The Great NFL Thursday Night Football Debate: Does It Result in More Injuries?
All-Pro National Football League cornerback Richard Sherman hates Thursday Night Football.
"I just don’t understand why the NFL says it’s taking a stand on player safety, then increases the risks its players face by making them play on Thursday, before their bodies are ready," he wrote in 2016.
Sherman was referring to the NFL's custom, started in 2006, to play one game per week on a Thursday night. He thinks that the mid-week game is a "poopfest" of substandard play that leads to increased injuries on account of players not having adequate time to heal after their previous games, just four days compared to the standard seven.
Future Hall of Fame quarterback Drew Brees agrees.
"Do you understand what guys' bodies go through in a game?" Brees asked reporters in 2017. "And then to have to turn around four days later and to play? Look at the injury studies: They're off the charts. They're off the charts."
Contrary to Brees' statement, there actually weren't yet any peer-reviewed studies of Thursday Night Football injury rates published in 2017, but there are now, and the results may not be to the quarterback's liking...
"A short rest period between games is not associated with increased rates of observed injuries reported in NFL game books," researchers from the University of Miami announced this May in the American Journal of Sports Medicine. "Rather, our data suggest there are significantly fewer injuries for Thursday night games compared with games played on regular rest."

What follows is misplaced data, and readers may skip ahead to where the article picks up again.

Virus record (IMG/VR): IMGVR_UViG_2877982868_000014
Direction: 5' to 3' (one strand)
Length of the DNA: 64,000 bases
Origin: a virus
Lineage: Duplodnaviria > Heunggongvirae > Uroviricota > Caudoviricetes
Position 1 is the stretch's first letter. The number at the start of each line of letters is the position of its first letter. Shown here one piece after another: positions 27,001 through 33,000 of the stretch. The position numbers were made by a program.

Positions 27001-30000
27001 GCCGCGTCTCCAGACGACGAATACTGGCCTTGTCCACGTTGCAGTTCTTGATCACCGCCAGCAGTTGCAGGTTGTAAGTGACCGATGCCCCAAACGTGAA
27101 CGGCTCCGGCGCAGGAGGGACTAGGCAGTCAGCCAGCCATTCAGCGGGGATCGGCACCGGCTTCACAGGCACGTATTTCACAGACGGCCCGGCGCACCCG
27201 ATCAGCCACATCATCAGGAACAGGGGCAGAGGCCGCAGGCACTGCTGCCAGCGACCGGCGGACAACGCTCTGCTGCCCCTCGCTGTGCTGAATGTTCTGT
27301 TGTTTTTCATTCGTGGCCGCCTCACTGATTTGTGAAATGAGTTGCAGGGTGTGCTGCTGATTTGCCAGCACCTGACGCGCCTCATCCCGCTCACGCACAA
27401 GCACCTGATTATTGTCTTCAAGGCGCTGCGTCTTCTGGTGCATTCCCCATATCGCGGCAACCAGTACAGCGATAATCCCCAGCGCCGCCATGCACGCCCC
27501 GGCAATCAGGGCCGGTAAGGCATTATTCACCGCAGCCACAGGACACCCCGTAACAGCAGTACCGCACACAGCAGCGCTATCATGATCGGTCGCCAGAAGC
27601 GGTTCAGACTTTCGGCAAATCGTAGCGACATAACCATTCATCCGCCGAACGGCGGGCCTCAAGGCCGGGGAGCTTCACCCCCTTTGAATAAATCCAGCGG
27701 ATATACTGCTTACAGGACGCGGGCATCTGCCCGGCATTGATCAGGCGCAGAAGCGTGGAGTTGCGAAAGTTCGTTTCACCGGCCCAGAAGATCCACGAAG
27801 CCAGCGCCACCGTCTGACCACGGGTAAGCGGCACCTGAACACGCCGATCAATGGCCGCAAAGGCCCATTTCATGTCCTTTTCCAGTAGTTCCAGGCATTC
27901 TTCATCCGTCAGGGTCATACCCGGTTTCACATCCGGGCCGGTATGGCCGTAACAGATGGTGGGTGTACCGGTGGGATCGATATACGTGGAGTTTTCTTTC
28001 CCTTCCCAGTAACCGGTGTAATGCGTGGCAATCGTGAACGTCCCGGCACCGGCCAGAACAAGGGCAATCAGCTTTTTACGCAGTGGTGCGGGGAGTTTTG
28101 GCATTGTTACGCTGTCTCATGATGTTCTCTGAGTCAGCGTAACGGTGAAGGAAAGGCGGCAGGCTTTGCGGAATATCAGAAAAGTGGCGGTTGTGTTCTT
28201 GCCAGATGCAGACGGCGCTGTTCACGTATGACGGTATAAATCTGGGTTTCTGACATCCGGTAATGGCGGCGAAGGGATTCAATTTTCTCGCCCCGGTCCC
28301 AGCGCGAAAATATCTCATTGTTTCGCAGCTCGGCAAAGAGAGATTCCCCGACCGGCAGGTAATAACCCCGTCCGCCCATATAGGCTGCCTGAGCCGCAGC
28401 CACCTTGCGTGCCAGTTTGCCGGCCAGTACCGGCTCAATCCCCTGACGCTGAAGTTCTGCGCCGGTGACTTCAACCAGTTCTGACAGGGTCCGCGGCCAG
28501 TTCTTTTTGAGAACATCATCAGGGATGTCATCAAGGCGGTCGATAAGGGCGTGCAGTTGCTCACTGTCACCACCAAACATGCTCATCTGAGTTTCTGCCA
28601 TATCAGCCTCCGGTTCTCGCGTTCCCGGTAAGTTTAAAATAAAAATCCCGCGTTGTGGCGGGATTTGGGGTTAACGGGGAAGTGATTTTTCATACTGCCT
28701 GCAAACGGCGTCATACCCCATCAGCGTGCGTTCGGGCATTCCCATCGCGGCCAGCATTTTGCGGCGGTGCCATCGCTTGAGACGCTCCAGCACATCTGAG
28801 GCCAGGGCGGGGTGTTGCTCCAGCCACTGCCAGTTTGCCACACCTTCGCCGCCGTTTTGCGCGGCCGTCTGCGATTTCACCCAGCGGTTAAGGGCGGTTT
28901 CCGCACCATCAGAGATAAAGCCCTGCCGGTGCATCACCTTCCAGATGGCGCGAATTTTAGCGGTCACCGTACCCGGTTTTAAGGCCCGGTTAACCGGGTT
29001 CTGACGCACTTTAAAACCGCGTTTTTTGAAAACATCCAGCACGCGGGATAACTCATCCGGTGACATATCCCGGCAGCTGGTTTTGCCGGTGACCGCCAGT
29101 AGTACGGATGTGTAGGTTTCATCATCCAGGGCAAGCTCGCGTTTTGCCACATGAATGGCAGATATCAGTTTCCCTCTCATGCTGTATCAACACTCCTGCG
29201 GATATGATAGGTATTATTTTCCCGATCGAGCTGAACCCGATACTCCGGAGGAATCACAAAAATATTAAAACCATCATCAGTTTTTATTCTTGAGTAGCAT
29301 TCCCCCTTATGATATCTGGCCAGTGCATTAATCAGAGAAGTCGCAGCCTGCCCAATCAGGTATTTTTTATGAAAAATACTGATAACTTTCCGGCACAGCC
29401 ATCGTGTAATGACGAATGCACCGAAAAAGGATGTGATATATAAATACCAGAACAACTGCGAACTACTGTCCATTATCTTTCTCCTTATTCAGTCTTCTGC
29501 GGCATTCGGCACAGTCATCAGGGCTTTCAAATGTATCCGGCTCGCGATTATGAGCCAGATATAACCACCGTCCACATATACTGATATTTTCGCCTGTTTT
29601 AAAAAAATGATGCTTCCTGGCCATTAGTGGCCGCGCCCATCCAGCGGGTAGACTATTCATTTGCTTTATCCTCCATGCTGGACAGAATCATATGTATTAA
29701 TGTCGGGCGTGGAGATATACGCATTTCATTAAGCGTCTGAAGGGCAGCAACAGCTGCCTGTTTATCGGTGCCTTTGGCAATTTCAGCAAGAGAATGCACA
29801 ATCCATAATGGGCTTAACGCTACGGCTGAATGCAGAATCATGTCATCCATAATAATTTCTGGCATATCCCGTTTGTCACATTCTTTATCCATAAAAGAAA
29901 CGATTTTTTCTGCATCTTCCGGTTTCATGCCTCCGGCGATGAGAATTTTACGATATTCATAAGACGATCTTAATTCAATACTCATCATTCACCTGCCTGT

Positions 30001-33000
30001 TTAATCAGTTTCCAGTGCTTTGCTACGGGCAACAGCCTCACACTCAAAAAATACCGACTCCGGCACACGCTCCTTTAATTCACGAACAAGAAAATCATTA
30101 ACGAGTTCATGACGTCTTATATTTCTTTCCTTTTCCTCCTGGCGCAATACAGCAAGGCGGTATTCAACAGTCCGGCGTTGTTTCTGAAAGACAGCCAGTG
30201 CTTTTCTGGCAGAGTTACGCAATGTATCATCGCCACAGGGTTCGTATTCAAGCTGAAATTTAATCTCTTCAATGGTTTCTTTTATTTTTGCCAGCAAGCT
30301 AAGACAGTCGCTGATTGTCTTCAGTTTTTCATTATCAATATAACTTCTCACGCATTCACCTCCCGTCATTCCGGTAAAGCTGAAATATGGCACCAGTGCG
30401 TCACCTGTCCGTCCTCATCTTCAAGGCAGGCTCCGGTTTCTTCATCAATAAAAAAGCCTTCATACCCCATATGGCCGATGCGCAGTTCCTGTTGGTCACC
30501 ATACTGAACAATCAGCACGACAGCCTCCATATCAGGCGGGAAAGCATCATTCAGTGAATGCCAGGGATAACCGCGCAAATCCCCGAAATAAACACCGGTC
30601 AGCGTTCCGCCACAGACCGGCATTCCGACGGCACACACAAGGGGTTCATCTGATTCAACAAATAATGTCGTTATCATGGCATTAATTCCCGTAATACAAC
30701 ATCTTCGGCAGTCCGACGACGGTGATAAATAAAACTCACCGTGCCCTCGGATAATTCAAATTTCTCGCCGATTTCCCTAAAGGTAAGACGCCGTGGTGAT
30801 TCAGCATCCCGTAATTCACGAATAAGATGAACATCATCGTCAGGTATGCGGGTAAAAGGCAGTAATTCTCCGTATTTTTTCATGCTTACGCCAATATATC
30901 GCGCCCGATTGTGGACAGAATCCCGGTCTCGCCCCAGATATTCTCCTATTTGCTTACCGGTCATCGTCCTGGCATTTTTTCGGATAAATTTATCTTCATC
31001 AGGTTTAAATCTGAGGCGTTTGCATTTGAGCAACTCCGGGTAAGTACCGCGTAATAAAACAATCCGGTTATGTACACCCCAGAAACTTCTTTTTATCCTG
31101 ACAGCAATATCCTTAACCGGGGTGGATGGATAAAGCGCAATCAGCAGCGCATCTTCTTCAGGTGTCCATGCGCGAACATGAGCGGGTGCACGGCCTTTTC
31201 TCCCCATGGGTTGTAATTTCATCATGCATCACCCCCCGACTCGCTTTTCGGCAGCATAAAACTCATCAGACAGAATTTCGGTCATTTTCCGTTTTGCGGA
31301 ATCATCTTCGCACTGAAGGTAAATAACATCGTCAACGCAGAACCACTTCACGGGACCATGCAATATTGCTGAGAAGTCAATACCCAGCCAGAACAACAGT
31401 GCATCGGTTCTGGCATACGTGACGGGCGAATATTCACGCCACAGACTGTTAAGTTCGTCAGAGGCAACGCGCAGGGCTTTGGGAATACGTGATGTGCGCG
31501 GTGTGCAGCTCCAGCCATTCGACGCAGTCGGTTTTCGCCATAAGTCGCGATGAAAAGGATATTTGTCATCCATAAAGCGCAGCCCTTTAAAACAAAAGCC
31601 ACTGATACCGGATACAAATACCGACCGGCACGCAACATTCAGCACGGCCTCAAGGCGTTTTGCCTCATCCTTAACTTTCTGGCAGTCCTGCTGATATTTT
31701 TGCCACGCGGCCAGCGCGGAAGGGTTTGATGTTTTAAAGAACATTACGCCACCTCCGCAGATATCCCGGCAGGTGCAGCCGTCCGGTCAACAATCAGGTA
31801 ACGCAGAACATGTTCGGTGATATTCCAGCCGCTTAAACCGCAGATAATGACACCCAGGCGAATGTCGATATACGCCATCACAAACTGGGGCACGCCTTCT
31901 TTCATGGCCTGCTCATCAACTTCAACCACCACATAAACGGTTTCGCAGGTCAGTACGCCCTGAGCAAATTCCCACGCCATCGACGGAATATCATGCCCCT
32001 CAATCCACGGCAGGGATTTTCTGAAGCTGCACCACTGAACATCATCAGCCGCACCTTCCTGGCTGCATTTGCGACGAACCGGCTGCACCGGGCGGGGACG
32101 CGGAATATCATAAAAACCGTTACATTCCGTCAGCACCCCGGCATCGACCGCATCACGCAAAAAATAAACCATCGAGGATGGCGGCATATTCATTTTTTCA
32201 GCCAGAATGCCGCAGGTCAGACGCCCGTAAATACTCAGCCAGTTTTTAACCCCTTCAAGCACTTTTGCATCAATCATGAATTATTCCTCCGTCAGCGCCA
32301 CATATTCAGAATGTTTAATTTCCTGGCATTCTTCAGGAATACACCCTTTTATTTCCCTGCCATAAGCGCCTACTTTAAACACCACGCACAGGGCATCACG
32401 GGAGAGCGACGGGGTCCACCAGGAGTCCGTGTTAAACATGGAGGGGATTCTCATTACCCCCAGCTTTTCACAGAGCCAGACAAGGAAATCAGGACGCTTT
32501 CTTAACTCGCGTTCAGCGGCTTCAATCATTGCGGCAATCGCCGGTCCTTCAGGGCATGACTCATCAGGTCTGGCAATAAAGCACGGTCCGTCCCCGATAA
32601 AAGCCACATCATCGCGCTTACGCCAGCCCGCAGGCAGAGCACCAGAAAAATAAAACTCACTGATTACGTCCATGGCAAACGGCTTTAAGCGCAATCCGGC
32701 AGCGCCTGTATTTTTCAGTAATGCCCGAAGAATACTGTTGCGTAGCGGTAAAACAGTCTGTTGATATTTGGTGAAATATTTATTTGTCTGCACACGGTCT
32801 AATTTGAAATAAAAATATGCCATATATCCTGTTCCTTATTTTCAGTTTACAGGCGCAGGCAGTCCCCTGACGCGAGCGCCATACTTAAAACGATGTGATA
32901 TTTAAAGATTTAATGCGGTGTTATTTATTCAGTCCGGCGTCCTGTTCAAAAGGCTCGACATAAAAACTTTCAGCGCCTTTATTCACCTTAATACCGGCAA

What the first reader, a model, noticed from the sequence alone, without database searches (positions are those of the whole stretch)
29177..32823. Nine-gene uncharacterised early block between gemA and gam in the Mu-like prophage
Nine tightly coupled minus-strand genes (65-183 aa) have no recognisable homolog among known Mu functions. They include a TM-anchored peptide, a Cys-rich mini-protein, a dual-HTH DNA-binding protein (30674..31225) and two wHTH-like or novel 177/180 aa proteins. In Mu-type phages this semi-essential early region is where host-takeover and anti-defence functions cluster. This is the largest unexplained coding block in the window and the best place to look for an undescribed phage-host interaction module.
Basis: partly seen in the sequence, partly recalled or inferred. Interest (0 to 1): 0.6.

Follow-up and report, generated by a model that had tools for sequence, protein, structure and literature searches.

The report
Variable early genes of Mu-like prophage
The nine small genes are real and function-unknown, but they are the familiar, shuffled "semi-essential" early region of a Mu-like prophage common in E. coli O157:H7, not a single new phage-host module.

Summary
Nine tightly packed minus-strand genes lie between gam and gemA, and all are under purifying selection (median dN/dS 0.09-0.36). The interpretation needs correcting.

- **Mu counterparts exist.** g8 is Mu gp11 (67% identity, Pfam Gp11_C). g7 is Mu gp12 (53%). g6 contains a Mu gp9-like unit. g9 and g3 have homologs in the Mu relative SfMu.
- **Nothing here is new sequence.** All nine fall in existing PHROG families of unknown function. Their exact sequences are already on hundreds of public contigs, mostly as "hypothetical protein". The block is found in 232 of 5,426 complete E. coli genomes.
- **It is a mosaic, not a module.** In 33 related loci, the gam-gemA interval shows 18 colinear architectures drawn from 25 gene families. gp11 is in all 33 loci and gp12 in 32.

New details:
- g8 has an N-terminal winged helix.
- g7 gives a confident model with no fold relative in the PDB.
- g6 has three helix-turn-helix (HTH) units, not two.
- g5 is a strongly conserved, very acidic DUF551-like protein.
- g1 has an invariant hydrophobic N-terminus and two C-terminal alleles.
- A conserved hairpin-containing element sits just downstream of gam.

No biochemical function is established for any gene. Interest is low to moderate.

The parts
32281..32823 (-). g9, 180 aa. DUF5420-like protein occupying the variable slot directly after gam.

The researchers tallied up injuries recorded in official NFL game books for all games played between 2013 and 2016, categorizing them by the amount of rest received prior to gameday – short (4 days), regular (6-8 days), or long (10+ days). Games played on short rest had an average of 1.26 injuries, games with regular rest had 1.53, and games with long had 1.34.
A prior study published in March 2019 which examined data from publicly announced injury reports turned up roughly the same result.
So what explains this counterintuitive finding? Shouldn't injury rates increase when the body is given less time to heal between bouts of extremely demanding physical punishment?
Well, it's possible that football players dial back the intensity on Thursday nights, something that Sherman hinted at. On the other hand, it's also worth considering that a lot of NFL injuries are more related to happenstance rather than overuse. Sometimes tackles go wrong, players trip and fall awkwardly, or an unlucky plant of the foot tears a ligament. Injuries like these are just bad luck. This sort of luck might be more likely to affect the data from Thursday night games, as the games are far fewer in number.
Regardless, the notion that Thursday Night Football is especially dangerous to players is not supported by empirical evidence.